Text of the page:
Reactions to U.S. actions expressed by executive directors on August 16 illustrated the initial reactions of most monetary authorities. There was indeed an atmosphere of crisis. Many executive directors have pressed Mr. Dale for the intentions of the U.S. authorities, particularly with respect to the exchange rate situation, which would occur immediately, and the import surcharge. Some felt that there was an urgent need to negotiate new values in the coming days. When the Executive Directors took up a draft decision that contained the Fund`s response to the U.S. communication, Dale said that U.S. authorities believed that U.S. measures were essential to create the dynamism of industrialized countries in the form of exchange rate and negotiation measures, which are essential to correct the imbalance in global payments. They therefore preferred that the Fund not make a decision at this stage. Mr.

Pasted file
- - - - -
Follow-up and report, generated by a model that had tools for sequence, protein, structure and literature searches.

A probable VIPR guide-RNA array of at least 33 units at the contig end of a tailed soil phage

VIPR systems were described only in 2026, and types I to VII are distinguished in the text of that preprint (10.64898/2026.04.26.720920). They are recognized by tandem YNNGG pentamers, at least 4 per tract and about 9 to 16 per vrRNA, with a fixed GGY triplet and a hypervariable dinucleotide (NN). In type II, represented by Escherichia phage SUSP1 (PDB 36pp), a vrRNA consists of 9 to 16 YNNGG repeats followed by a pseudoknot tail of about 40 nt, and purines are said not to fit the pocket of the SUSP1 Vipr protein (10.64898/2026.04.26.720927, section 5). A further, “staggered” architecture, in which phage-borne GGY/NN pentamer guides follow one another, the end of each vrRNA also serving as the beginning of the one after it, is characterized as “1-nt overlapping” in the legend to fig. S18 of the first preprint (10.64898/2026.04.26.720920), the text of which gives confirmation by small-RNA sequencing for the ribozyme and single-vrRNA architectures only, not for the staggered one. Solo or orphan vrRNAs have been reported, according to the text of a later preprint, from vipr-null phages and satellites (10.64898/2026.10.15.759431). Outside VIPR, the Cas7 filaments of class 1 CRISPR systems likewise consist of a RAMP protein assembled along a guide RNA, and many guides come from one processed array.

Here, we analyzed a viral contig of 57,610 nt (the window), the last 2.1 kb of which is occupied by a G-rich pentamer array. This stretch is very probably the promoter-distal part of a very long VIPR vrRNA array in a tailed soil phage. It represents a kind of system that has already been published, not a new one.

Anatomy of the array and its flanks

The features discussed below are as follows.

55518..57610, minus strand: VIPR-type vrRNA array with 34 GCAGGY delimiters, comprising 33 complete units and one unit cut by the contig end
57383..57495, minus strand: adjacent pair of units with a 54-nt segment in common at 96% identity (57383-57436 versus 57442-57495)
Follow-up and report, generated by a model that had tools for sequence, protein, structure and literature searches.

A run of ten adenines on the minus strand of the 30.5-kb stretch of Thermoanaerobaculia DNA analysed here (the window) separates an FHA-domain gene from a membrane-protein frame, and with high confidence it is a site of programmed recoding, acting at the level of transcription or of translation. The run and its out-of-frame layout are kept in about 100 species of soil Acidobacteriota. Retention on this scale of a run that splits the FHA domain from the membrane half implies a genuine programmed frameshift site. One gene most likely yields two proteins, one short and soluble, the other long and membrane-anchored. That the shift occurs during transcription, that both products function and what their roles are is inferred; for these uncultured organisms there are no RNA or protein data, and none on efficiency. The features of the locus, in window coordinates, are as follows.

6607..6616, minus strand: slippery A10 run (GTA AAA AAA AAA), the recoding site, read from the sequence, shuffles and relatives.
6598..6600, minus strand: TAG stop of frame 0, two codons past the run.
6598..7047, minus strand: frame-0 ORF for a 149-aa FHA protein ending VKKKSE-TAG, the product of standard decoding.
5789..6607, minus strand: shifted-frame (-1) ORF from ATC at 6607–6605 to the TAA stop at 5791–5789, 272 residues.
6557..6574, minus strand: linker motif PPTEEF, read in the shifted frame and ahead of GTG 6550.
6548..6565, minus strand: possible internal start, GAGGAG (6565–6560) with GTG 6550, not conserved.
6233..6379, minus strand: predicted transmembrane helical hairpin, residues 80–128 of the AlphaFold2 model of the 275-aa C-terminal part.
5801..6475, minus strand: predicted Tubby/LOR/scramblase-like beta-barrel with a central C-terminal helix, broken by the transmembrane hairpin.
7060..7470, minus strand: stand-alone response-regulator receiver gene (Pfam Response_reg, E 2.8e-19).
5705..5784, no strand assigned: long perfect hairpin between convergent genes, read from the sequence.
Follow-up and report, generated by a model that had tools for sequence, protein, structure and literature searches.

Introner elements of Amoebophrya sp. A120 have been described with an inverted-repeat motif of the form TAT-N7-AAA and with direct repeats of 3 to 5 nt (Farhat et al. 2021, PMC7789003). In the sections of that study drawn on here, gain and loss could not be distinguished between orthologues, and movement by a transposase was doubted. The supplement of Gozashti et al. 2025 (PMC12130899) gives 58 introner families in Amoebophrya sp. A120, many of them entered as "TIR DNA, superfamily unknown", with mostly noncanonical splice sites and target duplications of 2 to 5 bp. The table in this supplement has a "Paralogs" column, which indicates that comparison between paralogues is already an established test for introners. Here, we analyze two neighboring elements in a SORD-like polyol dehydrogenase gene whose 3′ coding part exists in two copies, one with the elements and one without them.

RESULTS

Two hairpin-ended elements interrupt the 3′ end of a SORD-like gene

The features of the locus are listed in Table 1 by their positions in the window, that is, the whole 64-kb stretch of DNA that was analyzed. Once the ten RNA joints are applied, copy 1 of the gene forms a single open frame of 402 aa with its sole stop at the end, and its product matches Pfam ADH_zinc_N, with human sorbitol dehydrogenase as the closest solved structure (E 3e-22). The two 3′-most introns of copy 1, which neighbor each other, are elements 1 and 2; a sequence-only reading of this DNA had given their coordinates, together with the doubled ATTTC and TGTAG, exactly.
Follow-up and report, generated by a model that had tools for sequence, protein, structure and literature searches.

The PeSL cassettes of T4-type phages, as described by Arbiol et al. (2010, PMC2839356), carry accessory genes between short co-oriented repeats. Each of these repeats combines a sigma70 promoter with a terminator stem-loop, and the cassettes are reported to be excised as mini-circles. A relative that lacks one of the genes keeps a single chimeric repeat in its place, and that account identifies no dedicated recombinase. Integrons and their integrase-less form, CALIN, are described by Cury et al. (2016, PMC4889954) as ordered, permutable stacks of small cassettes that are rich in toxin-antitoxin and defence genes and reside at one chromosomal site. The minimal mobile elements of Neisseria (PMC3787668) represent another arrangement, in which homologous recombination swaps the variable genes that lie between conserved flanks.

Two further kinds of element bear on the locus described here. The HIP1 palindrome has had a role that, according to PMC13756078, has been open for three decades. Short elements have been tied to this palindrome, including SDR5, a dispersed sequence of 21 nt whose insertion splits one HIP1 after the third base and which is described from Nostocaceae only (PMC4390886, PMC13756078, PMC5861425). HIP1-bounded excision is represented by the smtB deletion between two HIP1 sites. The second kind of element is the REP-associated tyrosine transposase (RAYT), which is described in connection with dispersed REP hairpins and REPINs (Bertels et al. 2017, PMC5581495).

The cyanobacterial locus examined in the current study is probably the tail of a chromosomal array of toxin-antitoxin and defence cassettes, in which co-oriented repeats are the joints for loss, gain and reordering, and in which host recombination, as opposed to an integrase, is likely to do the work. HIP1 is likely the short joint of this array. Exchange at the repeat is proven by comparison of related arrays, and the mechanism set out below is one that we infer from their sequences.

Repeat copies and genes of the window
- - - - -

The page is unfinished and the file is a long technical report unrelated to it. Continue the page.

Viénot objected and was surprised that the Fund had only “taken notice” in the draft decision of the actions taken by the United States; He preferred that the Fund express its opposition to the US action, which he said was “a clear deviance from the statutes”. But more importantly, there were a number of fundamental economic reasons why a depreciation of the dollar was avoided by raising the price of gold. On the one hand, it was considered possible that other countries could also increase the price of gold against their currencies, thus reducing the desired effect of a reorientation of the dollar against these other currencies. In addition, the dollar was the world`s largest reserve currency. For a number of reasons, many countries have accumulated large stocks of dollars since the Second World War. In order not to jeopardize the stability of the dollar, several countries, especially after 1965, had waived their right to convert these stocks into gold. A devaluation of the dollar would have a negative impact on the value of countries` dollar reserves. The regime adopted in the Bretton Woods system was somewhat complex compared to the existing gold standard. For a few years, staff in the Fund`s research department had developed a multilateral exchange rate model (merm) to analyze the impact of exchange rate changes on external trade flows.3 In early 1971, the stick began to use the model closely to study the impact of the exchange rate reorientation of major currencies on international cash flows and calculations for exchange rate changes in 11 currencies of the countries. Group of Ten and Switzerland, which would correct existing current account imbalances.